I think there are two reasons why we are yet to see this cross the Atlantic.  One is the cost.  Few sports are investing anywhere near the amount of our US friends as we slowly find our feet in the industry.  For even a top football team, the chance to invest heavily in digital is weighed up with taking money away from player wages/transfer budgets.  These wages can take anywhere between 60% to 90% (or beyond if you are Chelsea or Man City) of the clubs total revenue and thus leave little room for anything else.  Even sports brands have yet to get themselves to a place where they are comfortable enough or reactive enough to take on the concept.

One way round this would be to include it as a sponsorship partnership or revenue share with an IBM, Radian 6, Adode, Salesforce or Dell.  With IBM being a heavy investor in the Wimbledon Tennis Championships there may be an opportunity in the near future to run one around the event. There’s a chance.

The second would be a lack of buy-in.  Sports may be seen as modern, dynamic and forward thinking but the set up of most is still very much stuck in the past.  Committees of committees hold up innovation and a very conservative leadership who are scared of change and upsetting the status quo.  Until these internal issues can be addressed then it will be a tough battle for many.

But then these command centres are certainly not for all.  The scale we have spoken about with Dell, Gatorade and the Kings are pretty big and they have a huge amount of chatter to monitor.  But there are certainly cases for sports brands, top governing bodies (the Premier League?) and even top clubs to look into this type of arrangement.

So what benefits would it bring?

We talk about being ‘in the now’ and having the ability to react.  But do we really?  There has to be the willingness to take the data on board and react accordingly.  There is also the issue of responding quickly.  Do top clubs/brands actually perform good customer service and offer quick help?

On a match day, issues would be able to be picked up quickly.  Whether it be traffic heading to the stadium, something broken at the ground, big queues forming, complaints about a specific area or product.  This is all great data but if nothing is done with it then it is wasted.

With people on top of this during key times then maintenance staff can be directed to an issue that others may have missed, fans can be directed to ease queues, issues with products can be picked up and adjusted so that they work properly.  As a fan or consumer, knowing that you are being heard and can find out information is so important.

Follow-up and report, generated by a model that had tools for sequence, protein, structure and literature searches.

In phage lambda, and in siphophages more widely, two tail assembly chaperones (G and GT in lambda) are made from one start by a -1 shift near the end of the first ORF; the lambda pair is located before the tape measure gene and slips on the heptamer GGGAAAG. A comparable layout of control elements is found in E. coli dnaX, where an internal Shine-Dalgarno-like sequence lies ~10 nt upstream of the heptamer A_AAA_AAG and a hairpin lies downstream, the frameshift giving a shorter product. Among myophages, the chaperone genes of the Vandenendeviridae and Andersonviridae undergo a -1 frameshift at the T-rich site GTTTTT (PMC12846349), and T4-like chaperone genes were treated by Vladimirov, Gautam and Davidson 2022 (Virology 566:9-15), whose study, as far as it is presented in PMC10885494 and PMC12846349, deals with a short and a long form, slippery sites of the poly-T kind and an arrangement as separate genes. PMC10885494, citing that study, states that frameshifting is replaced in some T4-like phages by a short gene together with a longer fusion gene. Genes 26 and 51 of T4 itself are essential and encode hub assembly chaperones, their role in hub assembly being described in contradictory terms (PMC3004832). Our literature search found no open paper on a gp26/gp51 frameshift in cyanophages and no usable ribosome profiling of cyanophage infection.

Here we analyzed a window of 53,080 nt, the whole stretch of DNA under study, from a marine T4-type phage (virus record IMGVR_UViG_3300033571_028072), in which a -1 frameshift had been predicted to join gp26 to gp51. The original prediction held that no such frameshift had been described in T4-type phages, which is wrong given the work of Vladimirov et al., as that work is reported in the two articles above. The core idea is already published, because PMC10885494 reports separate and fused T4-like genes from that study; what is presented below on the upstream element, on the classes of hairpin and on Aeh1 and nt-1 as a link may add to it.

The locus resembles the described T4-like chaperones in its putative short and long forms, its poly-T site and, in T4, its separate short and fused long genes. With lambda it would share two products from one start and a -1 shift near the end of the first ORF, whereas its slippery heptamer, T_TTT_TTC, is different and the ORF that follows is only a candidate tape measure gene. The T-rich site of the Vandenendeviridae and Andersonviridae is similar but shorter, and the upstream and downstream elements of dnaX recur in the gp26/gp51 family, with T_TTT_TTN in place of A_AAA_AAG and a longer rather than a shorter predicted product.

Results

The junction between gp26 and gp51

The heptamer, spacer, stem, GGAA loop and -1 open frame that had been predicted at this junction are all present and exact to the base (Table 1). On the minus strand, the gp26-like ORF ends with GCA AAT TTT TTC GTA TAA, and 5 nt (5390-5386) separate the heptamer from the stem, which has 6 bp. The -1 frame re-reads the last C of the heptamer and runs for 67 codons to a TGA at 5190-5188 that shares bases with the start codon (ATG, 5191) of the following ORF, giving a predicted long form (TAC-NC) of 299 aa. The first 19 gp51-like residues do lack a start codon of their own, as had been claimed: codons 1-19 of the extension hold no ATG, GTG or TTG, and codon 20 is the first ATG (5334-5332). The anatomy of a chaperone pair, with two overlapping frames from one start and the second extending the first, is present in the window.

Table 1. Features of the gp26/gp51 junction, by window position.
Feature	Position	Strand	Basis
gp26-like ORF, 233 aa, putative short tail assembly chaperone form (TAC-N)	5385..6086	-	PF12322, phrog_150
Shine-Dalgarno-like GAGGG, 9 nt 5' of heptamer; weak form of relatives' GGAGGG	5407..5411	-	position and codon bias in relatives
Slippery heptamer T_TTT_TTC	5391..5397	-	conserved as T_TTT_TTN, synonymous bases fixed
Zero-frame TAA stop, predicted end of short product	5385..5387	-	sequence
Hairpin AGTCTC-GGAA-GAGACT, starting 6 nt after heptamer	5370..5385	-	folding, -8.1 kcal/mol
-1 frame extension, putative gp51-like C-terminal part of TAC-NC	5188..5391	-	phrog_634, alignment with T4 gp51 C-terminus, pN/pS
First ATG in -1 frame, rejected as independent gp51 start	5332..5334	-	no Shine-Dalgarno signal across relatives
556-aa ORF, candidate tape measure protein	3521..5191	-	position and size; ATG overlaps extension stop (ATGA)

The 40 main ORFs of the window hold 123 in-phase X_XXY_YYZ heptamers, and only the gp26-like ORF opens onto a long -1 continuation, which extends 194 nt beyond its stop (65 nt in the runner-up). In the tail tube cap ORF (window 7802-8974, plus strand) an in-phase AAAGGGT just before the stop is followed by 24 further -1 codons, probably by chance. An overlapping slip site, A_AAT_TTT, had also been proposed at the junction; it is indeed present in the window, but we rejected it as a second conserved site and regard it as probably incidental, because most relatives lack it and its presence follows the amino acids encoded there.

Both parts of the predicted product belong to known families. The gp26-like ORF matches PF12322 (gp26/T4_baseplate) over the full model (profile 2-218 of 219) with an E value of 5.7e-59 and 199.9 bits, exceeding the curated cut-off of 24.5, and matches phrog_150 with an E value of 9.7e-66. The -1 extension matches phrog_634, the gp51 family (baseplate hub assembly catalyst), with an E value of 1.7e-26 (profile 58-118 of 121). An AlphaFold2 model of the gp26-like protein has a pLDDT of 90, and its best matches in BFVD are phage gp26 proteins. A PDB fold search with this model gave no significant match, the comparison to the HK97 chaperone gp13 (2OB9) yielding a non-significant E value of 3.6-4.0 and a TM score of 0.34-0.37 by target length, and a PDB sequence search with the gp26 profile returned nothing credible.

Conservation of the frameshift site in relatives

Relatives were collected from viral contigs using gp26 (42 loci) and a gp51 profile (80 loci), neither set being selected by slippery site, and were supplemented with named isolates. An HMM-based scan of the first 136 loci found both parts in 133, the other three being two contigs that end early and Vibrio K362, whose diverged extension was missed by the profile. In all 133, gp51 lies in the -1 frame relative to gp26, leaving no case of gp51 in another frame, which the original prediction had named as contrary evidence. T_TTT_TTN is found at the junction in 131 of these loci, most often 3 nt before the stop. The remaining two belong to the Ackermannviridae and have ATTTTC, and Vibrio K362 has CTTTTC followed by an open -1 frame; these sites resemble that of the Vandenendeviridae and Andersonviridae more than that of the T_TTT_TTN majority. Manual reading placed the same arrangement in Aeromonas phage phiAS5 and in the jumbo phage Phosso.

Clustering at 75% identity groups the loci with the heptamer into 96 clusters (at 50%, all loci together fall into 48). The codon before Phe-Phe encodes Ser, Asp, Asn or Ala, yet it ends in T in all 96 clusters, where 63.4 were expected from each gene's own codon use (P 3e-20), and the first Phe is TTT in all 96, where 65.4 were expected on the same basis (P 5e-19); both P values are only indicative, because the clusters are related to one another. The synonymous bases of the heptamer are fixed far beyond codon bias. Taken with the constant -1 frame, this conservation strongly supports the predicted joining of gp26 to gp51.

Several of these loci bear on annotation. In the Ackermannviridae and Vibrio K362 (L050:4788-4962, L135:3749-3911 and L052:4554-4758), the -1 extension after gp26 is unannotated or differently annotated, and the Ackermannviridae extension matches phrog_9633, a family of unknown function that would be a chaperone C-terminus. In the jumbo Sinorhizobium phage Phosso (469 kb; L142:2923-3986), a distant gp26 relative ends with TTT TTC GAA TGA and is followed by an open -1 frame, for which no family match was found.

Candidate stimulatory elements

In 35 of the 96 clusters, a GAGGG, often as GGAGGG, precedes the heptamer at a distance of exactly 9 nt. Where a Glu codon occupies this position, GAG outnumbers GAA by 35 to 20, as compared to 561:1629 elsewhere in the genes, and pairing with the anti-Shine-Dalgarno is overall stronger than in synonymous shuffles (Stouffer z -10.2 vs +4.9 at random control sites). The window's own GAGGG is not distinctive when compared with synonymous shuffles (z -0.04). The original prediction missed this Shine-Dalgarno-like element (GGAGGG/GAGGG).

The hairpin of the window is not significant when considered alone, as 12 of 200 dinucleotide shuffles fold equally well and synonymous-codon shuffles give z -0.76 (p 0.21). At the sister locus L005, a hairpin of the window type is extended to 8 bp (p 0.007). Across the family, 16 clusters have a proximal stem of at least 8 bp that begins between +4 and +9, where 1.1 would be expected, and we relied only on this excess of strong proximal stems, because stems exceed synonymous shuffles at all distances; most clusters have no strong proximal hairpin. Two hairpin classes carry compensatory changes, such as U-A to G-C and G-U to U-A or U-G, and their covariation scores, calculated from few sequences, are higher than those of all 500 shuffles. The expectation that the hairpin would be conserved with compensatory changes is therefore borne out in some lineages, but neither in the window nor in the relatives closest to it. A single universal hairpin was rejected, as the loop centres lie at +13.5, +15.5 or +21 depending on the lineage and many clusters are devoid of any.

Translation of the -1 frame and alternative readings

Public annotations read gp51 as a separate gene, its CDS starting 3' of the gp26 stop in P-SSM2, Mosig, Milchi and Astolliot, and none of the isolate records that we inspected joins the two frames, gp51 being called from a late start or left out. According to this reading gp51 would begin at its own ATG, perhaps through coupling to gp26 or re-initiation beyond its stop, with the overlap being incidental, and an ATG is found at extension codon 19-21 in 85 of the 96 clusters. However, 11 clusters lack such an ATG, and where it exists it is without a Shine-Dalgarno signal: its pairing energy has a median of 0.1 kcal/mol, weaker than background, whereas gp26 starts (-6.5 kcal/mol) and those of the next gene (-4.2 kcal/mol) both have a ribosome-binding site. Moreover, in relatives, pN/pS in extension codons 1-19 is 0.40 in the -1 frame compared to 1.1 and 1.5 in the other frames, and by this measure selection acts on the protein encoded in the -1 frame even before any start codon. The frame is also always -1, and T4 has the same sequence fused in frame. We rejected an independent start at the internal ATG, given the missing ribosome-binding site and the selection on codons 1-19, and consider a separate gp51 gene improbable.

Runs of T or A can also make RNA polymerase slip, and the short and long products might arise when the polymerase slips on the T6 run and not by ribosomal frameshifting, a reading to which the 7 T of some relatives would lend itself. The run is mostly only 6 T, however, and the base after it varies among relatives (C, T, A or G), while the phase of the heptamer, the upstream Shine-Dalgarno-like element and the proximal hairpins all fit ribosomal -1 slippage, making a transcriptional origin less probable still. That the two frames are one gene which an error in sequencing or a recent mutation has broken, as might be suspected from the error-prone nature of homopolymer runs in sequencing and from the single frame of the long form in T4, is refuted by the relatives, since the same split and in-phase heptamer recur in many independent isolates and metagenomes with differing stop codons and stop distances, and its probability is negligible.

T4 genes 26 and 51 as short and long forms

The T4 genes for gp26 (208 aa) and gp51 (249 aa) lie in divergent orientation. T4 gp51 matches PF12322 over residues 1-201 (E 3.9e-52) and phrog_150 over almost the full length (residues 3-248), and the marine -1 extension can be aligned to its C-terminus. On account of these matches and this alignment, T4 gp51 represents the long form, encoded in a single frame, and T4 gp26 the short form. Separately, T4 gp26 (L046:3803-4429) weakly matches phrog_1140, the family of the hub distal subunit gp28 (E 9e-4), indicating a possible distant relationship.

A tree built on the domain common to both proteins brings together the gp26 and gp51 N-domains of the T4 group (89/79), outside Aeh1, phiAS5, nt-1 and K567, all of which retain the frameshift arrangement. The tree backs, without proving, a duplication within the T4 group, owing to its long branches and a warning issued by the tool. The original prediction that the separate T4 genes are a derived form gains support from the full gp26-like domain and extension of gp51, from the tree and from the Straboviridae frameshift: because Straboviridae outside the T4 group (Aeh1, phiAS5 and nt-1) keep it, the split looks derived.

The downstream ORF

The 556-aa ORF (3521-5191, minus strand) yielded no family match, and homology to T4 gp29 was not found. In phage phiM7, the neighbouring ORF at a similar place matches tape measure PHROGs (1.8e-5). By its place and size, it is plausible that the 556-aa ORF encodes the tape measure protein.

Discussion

Using the examples I mentioned before.  Thanks to its listening command center, Dell is able to provide almost instantaneous assistance to customers, and thanks to conversations and insights gained from social media, they launched the (RED) line of products and FastTrack PC shipment, and redesigned the keyboard on their highest selling laptop after feedback that the apostrophe was positioned awkwardly (small detail but important for a hardware manufacturer).

At Edelman, Armano says the company has used its SICC to train and act as a model to help several clients plan, design, and staff their own. “Not only that; internally for Edelman, the SICC initiative helps to break down traditional silos,” Armano says. “When analysts, strategists, content developers and media relations teams all see real time data in action–the silos melt away.”

There is something in here for everyone.  Those who can afford it and have a plethora of social channels and conversations happening would indeed benefit and smaller clubs/businesses can take the concept and scale it for their own uses.

So is it the future or just a PR stunt?

It is both.  At the moment they are still quite rare and the way some are set up, such as the Gatorade one, they are obvious as a command centre and have that NASA, space age look to them that gets people curious.

There is also a place for them if we are to live in this immediate world and be able to react accordingly.  It is not only about having a ‘command centre’ but also the internal capabilities to do something about this data and it become a key part of the business.  I’m sure we will see at least one at the Premier League, Man City, United, Liverpool or Chelsea at some stage soon.